Welcome to the 8th year of Photojournalism Now: Friday Round Up. When I started this blog way back in 2012 it was with the desire to share my passion for photojournalism and social documentary photography, and to consider the opportunities for this type of photography in the digital space. Over the years my passion hasn’t diminished and neither has the volume of amazing work being done by photographers around the globe. It is a privilege to showcase work from both established and emerging artists, and to engage in conversations about important social issues that often get overlooked by the mainstream media. This year Photojournalism Now: Friday Round Up will continue to bring you new work, interesting articles, book reviews and stories on exhibitions and festivals from around the world. As always your input is valued and I would love to hear your thoughts and to keep receiving pitches to feature work.
Before looking forward it is always worthwhile reflecting on the past year and the stories that helped advance knowledge of this amazing world of ours. Work that hopefully made you feel something – outrage, joy, compassion, empathy – as long as it moved you, then the photograph has done its job. This week is a selection of images that featured in the first six months of 2018. Next week will be highlights from the second half of the year.
However, there is something incredibly important I want to share with readers. Many of you will know that last year Shahidul Alam (below) was arrested in Bangladesh and held without bail for more than three months. Thankfully he was released November 20 after an outpouring of protest from around the globe, showing the power of collective action.
Now another in the photojournalism community is in peril. Chinese documentary photographer Lu Guang has been missing since November. I first heard about his plight when his long-time friend Jean Loh, who runs a gallery in Shanghai, posted on Facebook. Since then there has been little information.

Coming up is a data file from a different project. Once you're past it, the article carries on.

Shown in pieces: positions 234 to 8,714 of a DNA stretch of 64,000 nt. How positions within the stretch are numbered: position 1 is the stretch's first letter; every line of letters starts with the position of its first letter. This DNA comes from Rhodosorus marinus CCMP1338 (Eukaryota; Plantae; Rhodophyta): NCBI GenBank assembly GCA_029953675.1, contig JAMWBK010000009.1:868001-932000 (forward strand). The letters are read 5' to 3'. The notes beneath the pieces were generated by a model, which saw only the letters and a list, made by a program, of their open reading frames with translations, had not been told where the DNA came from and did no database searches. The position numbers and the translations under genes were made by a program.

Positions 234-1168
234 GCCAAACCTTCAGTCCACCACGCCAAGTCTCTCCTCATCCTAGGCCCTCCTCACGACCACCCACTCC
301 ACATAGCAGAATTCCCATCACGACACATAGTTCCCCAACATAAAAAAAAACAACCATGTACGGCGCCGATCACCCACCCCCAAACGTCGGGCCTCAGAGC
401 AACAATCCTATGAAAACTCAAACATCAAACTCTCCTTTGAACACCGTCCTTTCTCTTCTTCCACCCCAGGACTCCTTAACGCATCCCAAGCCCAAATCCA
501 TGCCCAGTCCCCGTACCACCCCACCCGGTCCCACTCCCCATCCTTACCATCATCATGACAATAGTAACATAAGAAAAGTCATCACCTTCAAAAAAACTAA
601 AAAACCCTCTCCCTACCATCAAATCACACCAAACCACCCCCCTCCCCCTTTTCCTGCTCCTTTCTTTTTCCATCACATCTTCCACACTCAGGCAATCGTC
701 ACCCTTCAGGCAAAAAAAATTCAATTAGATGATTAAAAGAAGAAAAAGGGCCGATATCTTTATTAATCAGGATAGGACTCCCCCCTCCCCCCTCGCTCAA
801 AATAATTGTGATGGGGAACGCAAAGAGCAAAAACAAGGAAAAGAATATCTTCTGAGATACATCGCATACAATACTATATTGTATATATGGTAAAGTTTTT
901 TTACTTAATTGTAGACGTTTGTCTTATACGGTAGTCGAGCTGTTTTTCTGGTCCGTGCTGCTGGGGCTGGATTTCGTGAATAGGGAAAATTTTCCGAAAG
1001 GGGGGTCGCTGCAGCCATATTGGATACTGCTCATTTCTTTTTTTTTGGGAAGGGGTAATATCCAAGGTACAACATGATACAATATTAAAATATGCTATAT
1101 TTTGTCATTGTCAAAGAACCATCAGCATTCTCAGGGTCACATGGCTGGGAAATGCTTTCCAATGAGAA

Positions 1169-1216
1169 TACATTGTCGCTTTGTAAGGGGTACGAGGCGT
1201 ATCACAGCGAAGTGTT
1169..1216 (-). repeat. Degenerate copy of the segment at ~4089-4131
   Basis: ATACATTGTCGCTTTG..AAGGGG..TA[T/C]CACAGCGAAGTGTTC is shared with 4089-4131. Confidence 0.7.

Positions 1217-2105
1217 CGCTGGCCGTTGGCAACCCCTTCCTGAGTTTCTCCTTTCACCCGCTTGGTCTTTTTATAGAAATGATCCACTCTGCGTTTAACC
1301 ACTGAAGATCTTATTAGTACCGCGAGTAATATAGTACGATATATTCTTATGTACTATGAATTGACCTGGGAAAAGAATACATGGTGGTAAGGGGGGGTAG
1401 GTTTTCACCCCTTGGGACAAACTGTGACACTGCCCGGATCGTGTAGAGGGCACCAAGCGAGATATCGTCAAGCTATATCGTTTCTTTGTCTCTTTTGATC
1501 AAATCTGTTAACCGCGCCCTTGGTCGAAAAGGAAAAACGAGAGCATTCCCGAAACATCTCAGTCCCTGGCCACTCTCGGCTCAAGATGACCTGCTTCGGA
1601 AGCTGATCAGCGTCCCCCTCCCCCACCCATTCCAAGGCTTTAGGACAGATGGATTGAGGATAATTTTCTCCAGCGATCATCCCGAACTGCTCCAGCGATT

Guang is a multi-award winning photojournalist known for his work exposing stories the Chinese government would rather remain hidden. He was in Kashgar in the troubled Xinjiang region, where the government has detained more than a million Uygurs and other Muslim minorities in extrajudicial internment camps, as reported by the UN. There is no suggestion however that he was documenting any contentious issues. A month after his disappearance his wife, Xu Xiaoli, who lives in the US, said Guang’s relatives in China were notified by phone that he had been arrested. John Novis, former director of photography for Greenpeace, and a friend of Guang’s, recently posted that it is now three months and there has been no official advice about his detainment. His family and friends are extremely concerned.
Is the photojournalism community rallying in the same way it did for Alam and petitioning for Guang’s release? If any reader knows of action being planned, please tell me and I will share with my networks. Last year too many journalists lost their lives doing their jobs. In this globally connected world we need to raise our voices.
2018 The Year in Review – Highlights of posts from the first six months